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Wednesday, December 31, 9:00 pm

Busboys and Poets is throwing the quirkiest new year's bash in DC co-sponsored by Politics & Prose—all to benefit the Capital Area Food Bank and Split This Rock's DC Youth Slam Team! Fight hunger and help young poets thrive as you welcome the new year with one of the DMV's hottest DJ's, live dancers compliments of Dance Place, music, games, food, drinks, interactive art, burlesque in the nerd, midnight countdown and more. 

Come dressed as YOU—and if YOU is nerdy, even better!

This is the first official event at Busboys and Poets, Brookland

$50 tickets include food & 2 drinks per person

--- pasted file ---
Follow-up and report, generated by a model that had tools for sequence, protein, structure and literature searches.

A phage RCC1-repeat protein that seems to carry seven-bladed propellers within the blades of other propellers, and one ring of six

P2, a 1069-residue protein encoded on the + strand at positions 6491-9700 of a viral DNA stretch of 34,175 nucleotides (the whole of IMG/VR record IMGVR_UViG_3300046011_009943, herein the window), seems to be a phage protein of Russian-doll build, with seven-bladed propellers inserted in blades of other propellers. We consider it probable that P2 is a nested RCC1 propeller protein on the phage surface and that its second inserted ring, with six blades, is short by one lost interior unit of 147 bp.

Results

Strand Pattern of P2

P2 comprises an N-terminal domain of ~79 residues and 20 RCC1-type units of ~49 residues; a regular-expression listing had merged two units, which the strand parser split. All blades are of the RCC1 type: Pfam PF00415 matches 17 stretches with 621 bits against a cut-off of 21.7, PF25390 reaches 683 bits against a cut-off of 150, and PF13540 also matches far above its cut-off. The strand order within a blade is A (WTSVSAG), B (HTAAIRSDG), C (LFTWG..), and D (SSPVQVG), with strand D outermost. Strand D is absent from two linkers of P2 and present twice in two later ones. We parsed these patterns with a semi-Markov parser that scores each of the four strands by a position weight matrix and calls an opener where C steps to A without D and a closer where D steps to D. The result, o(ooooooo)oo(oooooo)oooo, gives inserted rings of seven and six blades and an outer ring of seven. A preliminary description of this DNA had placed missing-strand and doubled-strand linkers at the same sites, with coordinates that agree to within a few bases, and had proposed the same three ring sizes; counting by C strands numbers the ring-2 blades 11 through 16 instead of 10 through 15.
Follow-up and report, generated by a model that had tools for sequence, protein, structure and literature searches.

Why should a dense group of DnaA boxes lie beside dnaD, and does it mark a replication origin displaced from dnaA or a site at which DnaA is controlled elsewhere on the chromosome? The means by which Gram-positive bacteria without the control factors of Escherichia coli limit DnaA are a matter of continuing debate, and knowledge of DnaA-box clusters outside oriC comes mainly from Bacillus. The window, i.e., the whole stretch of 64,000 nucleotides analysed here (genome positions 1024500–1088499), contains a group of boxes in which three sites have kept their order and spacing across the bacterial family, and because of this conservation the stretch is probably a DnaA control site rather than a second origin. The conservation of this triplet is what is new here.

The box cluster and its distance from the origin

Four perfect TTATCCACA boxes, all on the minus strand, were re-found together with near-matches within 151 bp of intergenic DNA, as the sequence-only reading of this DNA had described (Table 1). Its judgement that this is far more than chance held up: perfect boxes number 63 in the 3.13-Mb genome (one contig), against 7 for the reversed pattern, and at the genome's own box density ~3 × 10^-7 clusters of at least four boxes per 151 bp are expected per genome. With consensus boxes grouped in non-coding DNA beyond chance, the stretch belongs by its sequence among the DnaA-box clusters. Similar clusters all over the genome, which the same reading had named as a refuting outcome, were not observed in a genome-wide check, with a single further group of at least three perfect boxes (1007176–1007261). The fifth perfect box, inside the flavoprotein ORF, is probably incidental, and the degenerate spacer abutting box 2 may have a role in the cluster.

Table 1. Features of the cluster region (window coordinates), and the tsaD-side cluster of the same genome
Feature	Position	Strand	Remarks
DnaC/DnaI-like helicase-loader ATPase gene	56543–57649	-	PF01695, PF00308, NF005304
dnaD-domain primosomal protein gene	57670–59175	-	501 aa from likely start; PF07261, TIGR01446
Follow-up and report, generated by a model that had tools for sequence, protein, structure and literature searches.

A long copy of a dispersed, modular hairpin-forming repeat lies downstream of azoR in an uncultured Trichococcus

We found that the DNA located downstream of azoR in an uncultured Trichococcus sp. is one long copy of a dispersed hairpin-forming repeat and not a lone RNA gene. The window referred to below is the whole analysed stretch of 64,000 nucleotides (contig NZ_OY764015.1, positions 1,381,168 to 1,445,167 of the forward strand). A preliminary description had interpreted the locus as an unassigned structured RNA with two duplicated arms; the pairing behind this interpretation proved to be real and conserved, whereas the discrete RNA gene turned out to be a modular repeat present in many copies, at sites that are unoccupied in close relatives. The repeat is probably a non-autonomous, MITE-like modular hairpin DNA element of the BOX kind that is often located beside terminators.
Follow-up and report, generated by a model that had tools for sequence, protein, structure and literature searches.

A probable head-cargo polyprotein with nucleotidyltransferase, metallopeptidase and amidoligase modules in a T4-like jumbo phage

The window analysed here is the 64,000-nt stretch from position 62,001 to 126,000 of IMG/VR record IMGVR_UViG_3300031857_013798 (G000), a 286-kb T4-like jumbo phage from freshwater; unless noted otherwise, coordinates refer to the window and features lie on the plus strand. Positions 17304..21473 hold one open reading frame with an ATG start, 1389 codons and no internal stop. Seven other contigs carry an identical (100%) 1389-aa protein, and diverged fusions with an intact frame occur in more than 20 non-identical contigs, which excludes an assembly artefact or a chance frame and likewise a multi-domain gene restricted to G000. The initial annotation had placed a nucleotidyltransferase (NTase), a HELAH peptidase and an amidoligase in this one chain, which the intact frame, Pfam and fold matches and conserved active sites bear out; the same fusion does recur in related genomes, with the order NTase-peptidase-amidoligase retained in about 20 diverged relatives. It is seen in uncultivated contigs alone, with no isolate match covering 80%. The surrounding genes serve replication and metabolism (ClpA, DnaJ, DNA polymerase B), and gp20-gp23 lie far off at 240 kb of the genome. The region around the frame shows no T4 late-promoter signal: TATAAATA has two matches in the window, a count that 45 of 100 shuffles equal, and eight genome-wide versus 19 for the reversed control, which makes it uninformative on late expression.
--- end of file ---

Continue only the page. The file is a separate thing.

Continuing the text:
Tickets, details, and full lineup

 

P&P’s Top Ten of 2014

One of our greatest joys—and challenges—each December is to pick roughly 100 books published during the year to feature in the Politics & Prose annual holiday catalog. This year the task of choosing was as difficult as ever, given the number of wonderful books published in 2014. Our staff engaged in hours of vigorous discussion before arriving at a final list, which also includes P&P’s top ten books of the year—five each of fiction and non-fiction. We’re confident the holiday selections will satisfy a wide range of literary tastes and appetites. For starters, here are brief descriptions of P&P’s top 10 books of 2014:

Fiction
Anthony Doerr’s All the Light We Cannot See, a finalist for the National Book Award, is a stunningly beautiful story of two parallel lives that intersect on the Breton coast during the Nazi occupation of France.

Nora Webster, a literary masterpiece by Irish writer Colm Toibin, recounts the extraordinarily ordinary life of a widow in Ireland at the beginning of the Troubles. Hers is a journey of independence, self-discovery, and learning to live to one’s fullest.